Actually, the Dems will walk away from that, so there'll no bill.
What part of feminism means that I walk away from the things that challenge and upset me on occasion?
However, this same high court threw out the acquittal in the first place, so Knox may need more than luck to walk free.
By condemning Asali for such meetings, his critics are attacking someone who talks the talk and walks the walk.
More than that, Lewis appeared adamant about his intention to walk away unless the government came through with some money.
Had there been, he probably would have invited the visitor to walk to the fire and partake.
I had hard work to get them along, and at last they would not walk.
I 've known her ever since she was a little tad not big enough to walk.
Early this morning we continued on, Windich's horse scarcely able to walk.
"We will go for a walk to-day," said the oblate, rubbing his hands.
Old English wealcan "to toss, roll," and wealcian "to roll up, curl, muffle up," from Proto-Germanic *welk- (cf. Old Norse valka "to drag about," Danish valke "to full," Middle Dutch walken "to knead, press, full," Old High German walchan "to knead," German walken "to full"), perhaps ultimately from PIE root *wel- "to turn, bend, twist, roll" (see volvox).
Meaning shifted in early Middle English, perhaps from colloquial use of the Old English word. "Rarely is there so specific a word as NE walk, clearly distinguished from both go and run" [Buck]. Meaning "to go away" is recorded from mid-15c. Transitive meaning "to exercise a dog (or horse)" is from late 15c. The surname Walker probably preserves the cloth-fulling sense. Related: Walked; walking.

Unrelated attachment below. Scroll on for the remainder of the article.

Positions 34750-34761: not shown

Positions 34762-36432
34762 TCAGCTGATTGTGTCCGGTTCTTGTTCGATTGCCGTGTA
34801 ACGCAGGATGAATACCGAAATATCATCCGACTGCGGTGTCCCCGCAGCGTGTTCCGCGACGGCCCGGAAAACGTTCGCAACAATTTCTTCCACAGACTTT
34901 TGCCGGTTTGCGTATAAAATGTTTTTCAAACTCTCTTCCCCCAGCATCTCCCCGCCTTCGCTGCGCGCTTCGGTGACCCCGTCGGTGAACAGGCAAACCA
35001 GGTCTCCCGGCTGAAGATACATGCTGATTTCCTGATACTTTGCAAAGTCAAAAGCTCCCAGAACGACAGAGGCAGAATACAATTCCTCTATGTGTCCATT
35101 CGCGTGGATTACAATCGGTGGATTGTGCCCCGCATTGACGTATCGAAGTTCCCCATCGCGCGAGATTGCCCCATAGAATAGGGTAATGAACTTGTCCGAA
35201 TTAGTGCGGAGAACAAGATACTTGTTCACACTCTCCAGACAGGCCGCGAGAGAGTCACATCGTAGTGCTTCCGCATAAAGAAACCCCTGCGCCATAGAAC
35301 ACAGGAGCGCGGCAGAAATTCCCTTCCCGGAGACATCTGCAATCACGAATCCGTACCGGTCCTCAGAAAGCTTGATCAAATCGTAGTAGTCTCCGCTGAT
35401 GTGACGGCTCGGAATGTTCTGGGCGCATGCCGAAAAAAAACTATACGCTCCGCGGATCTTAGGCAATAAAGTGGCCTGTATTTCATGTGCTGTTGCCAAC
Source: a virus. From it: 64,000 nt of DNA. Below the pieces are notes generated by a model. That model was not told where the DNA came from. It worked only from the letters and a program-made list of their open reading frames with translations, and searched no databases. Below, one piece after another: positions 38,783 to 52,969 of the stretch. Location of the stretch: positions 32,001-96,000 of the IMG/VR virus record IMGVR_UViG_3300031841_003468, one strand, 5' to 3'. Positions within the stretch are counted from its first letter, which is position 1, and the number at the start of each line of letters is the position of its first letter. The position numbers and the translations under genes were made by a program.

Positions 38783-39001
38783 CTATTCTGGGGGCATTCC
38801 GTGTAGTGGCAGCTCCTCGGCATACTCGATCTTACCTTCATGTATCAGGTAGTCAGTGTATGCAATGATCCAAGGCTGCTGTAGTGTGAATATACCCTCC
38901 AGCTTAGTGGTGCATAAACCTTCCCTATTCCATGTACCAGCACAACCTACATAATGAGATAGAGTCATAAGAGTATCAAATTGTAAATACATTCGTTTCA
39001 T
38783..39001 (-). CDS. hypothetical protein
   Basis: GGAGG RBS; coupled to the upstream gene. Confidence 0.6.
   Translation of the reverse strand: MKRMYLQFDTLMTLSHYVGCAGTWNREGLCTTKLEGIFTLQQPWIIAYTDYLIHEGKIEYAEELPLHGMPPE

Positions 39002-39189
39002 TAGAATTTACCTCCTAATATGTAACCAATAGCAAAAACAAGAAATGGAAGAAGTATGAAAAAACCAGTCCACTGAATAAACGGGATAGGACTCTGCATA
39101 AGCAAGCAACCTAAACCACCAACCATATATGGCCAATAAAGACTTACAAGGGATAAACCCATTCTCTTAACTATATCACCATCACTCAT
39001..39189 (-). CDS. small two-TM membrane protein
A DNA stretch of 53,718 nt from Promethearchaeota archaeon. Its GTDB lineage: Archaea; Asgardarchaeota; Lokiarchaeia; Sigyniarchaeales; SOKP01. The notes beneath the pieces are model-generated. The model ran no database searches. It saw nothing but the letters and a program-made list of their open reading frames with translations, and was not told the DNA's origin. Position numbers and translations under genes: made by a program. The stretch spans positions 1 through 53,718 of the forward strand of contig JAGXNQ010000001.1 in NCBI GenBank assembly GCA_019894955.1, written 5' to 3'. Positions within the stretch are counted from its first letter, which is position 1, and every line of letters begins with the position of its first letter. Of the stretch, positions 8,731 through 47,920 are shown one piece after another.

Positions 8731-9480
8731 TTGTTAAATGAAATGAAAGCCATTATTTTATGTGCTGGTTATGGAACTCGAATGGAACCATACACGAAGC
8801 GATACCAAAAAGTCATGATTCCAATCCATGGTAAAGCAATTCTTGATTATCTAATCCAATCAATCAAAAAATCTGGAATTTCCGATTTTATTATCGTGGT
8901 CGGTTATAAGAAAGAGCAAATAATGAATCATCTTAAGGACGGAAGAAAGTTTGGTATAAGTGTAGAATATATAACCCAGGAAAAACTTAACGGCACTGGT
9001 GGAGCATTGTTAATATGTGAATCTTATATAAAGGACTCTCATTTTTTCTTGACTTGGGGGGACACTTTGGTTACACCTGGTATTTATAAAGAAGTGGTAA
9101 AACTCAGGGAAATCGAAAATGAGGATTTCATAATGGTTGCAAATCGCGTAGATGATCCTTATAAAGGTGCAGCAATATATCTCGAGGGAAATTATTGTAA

late 14c., "act of walking" (see walk (v.)). The noun meaning "broad path in a garden" is from 1530s; walk of life is from 1752. Sports sense of "base on balls" is recorded from 1905. To win in a walk (1854) is from horse racing.
v. walked, walk·ing, walks
To move over a surface by taking steps with the feet at a pace slower than a run. n.
The gait of a human in which the feet are lifted alternately with one part of a foot always on the ground.
The characteristic way in which one walks.
race walking n.
The sport of walking for speed, the rules of which require the racer to maintain continual foot contact with the ground and to keep the supporting leg straight at the knee when that leg is directly below the body. Also called PowerWalking.
Become aware before it's too late: The legislators had better wake up and smell the coffee/ Why Bond Bulls Need to Wake Up, Smell the Coffee/ Wake up and smell where the money's going (1990s+)